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I have made up (1) below.

(1) Players who score at least eighty goals in a season will win a gold medal. Over the past five seasons, Jack has scored no more than seventy goals per season. However, in the current season, he scored his eightieth goal last month, which has qualified him for an award.

Some of my friends think I should change "past" to "previous" and use the simple past instead of the present perfect in second sentence. The changes are given in (2) below.

(2) Players who score at least eighty goals in a season will win a gold medal. Over the previous five seasons, Jack scored no more than seventy goals per season. However, in the current season, he scored his eightieth goal last month, which has qualified him for an award.

This is my friends' reason to explain why I need to make the two changes. "Over the previous five seasons" excludes the current season. So, that makes it clear that you are talking about Jack reaching the 80th goal mark this season.

I don't agree with them because "Over the past five seasons" is more commonly used than "Over the previous...." Regarding "Over the past five seasons", I'm using the present perfect to indicate his 70 goal tallies from a point five years ago up to a certain point in the current season. The simple past I'm using to say "... the current season, he scored his 80th goal..." shows that he has just reached his mark this season.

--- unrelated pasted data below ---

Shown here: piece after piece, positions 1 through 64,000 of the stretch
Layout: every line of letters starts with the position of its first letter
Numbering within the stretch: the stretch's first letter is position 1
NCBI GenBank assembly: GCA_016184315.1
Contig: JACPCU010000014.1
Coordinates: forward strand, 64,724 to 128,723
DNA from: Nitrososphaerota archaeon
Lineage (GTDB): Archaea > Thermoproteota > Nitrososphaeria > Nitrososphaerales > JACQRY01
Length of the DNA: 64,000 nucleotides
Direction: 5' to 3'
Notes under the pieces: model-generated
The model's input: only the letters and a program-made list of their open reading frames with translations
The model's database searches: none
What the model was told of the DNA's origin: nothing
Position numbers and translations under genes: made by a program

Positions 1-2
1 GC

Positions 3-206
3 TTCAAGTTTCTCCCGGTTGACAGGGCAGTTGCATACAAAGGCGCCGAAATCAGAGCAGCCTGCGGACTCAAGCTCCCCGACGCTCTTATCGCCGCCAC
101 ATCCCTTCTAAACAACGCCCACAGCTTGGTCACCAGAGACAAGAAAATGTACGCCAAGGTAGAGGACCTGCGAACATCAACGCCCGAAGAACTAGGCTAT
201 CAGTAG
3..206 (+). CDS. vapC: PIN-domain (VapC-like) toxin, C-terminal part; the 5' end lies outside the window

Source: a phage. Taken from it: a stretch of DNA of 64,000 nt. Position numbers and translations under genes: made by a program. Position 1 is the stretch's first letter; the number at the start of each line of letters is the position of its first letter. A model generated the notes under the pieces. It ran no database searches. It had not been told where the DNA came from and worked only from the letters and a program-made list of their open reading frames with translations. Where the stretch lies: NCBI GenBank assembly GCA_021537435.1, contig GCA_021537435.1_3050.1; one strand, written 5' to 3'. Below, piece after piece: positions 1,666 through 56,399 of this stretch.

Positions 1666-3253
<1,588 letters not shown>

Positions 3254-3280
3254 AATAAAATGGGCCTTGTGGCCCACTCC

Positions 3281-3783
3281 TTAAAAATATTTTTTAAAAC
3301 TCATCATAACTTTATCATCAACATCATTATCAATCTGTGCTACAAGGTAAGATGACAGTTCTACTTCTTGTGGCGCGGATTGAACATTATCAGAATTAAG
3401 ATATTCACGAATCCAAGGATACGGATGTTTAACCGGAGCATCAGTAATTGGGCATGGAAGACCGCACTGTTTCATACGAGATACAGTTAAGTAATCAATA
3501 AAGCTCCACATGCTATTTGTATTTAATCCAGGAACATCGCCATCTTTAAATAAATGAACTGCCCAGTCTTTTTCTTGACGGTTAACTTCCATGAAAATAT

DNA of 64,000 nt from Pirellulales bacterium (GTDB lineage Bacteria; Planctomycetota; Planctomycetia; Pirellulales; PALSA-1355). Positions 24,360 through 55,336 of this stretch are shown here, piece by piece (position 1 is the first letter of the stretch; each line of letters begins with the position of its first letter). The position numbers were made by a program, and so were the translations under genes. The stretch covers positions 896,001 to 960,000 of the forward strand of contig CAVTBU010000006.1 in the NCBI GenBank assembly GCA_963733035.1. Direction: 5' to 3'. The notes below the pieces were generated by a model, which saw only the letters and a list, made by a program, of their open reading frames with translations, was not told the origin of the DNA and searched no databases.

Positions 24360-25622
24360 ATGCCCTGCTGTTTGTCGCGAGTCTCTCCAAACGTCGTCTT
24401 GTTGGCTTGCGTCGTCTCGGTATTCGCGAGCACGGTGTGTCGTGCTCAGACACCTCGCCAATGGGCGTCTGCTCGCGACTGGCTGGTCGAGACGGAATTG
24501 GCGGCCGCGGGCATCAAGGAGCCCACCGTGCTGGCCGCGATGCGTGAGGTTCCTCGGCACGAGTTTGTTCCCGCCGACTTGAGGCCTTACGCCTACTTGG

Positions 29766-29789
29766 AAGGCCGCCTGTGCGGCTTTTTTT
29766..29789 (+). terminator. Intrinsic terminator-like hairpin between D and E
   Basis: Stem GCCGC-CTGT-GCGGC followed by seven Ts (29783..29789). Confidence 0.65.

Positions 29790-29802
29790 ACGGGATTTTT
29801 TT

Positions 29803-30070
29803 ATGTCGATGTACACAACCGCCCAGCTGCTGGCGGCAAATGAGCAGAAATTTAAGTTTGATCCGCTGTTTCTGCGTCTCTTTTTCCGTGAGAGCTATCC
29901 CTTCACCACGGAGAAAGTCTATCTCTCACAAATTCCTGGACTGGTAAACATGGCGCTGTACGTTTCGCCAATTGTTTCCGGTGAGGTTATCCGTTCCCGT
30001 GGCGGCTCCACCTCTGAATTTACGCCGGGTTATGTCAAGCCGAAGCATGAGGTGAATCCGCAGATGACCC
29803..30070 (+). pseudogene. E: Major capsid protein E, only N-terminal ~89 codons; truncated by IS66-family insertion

Which word do you think is correct in this context: past or previous?

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I agree with you that over the past is the better choice in this context. The past seasons exclude the current season by definition because the current season isn't over.

When you talk about past seasons you are taking the present season as your starting point. The past seasons are the seasons that precede the current season.

When you talk about the previous seasons, the question that arises is previous to what? They are not necessarily the seasons that precede the current season, they can be the seasons that precede any point in time - although in context they are understood to precede the current season.

In short, stick to past.

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  • I like the details of your explanation. They are very clear and understandable. I'm glad you agree with me. Thank you very much for your time and help. Once again, a fantastic explanation.
    – user45235
    Feb 5, 2020 at 6:36

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